You have a heart of gold, Anonymous, and I know that as you focus on Christ and press forward in faith, the promised blessings will come true on your behalf. “And blessed are all they who are persecuted for my name’s sake, for theirs is the kingdom of heaven.” (3 Nephi 12:10)

      Hang in there. Same sex-marriage is not coming to the LDS church. It would rob us of sacrifice and of humbly giving our whole heart to the Lord.

      In closing, I want to share a quote from Brad Wilcox from his book “The Continuous Conversion.” He says:

      “Heaven is not a prize for the perfect, but the future home of those willing to be perfected.”

  131. How I end here is a mystery. I was just wandering here and there from a friend's blog. And I'm sorry to say that I'm not even interested particularly inknowing more about gay mormon.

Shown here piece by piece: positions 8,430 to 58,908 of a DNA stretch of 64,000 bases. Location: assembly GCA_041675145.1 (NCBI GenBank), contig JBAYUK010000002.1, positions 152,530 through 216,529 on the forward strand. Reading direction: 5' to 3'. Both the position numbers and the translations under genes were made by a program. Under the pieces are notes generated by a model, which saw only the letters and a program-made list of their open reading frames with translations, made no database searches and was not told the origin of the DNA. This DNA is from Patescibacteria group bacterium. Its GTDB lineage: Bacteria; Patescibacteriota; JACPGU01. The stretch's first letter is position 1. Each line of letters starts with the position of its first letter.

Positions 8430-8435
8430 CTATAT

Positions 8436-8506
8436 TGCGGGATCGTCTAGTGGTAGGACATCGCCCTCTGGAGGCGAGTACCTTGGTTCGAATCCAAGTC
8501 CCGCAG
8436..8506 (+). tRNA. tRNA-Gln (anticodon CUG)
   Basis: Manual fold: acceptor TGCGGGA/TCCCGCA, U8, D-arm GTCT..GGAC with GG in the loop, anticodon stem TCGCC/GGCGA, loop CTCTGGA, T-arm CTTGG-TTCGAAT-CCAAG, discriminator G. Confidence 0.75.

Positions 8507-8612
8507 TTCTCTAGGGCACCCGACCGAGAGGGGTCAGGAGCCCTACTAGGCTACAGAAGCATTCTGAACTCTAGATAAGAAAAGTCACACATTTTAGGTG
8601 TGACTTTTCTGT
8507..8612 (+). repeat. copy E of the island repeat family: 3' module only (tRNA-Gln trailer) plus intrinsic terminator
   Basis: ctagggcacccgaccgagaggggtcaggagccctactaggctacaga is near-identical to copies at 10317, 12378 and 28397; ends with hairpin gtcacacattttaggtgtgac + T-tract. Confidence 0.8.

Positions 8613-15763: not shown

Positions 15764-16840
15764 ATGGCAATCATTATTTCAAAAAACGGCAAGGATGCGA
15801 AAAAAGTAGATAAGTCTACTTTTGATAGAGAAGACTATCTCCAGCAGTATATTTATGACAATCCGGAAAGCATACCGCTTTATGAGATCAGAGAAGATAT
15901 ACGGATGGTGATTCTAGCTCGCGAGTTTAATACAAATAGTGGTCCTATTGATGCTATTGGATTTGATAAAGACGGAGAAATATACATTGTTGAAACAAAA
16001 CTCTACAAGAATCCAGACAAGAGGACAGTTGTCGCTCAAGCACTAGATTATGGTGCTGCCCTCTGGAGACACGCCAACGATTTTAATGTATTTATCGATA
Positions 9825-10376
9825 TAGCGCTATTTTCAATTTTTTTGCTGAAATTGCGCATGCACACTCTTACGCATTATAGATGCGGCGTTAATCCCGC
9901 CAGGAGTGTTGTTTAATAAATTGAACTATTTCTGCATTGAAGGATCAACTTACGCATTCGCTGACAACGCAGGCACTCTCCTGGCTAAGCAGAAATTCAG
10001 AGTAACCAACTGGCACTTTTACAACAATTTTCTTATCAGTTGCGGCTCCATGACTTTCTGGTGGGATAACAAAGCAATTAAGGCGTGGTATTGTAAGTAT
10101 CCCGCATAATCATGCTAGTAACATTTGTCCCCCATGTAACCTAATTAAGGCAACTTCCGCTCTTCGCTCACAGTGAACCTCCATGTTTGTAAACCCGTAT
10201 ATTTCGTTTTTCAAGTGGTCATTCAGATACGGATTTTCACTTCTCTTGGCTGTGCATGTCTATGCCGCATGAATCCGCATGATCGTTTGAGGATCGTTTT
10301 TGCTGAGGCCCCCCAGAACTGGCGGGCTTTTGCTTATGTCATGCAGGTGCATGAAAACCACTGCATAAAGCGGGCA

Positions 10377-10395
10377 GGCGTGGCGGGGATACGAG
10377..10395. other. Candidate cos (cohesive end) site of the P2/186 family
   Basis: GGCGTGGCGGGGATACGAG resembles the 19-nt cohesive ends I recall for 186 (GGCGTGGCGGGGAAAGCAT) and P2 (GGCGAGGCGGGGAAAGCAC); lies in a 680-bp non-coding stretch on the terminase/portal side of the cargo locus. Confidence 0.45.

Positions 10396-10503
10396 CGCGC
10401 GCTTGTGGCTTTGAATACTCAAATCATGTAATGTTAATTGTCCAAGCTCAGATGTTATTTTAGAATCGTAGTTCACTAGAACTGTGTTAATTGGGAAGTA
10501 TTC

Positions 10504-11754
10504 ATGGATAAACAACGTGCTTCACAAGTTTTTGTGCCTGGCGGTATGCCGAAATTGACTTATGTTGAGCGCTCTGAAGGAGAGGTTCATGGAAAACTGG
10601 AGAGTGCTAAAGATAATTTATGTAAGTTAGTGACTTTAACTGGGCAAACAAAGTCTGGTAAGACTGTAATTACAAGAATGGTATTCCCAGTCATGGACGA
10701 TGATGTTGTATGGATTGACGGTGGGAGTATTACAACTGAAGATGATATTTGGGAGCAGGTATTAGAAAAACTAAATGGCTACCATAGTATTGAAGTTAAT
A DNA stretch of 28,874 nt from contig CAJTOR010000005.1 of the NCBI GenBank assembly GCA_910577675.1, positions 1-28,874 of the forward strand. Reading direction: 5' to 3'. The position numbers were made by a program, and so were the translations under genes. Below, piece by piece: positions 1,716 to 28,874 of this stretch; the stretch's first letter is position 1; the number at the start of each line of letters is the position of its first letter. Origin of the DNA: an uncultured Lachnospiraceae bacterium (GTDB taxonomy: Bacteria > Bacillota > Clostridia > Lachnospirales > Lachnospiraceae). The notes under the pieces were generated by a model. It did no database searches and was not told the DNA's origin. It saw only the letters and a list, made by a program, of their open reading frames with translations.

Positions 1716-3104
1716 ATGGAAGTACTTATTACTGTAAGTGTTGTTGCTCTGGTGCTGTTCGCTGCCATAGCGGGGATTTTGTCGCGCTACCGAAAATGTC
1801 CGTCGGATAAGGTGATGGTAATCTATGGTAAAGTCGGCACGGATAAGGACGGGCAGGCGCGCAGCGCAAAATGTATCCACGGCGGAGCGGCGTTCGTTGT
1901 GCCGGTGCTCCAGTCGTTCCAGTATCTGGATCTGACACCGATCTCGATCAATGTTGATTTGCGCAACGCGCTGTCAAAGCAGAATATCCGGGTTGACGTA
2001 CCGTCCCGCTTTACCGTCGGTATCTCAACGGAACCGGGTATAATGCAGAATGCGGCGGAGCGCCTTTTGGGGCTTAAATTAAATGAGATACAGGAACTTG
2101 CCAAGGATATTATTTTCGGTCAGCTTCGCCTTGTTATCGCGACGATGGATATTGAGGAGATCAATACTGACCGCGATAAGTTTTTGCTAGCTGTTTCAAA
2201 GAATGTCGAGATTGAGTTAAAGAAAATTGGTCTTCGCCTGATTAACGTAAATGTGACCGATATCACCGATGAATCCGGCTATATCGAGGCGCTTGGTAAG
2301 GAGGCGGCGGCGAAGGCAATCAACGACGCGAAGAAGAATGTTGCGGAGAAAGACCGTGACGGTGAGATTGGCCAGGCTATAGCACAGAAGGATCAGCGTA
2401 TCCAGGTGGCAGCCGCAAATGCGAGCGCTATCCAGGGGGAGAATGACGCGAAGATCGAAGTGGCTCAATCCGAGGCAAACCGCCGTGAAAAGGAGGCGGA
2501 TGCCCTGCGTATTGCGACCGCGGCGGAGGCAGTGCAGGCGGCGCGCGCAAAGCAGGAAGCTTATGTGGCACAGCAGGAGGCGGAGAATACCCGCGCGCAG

How I end here is no more a mistery. I'm not the target here but I am on a dangerous edge anyway. Maybe was is more accurate now. So, you must be tired to hear this, but this post is an answer to my prayer and even to my non-prayer so, I think other's prayers must have been involved to the little 'clicks' of the mouse today. It's also a sort of slap in my face making me come to reality. Thank you.

  132. I read this post back when you first wrote it, and was moved by it and grateful for it. Since then, your father's wise counsel and the experiences you were able to have because you followed that counsel have come to my mind again and again and again as I've pondered some of the more divisive issues that are in the church today, and where I stand on them. Thank you for your stories, for your faith, and for choosing to believe all that you advise towards the end of this manifesto. Thank you.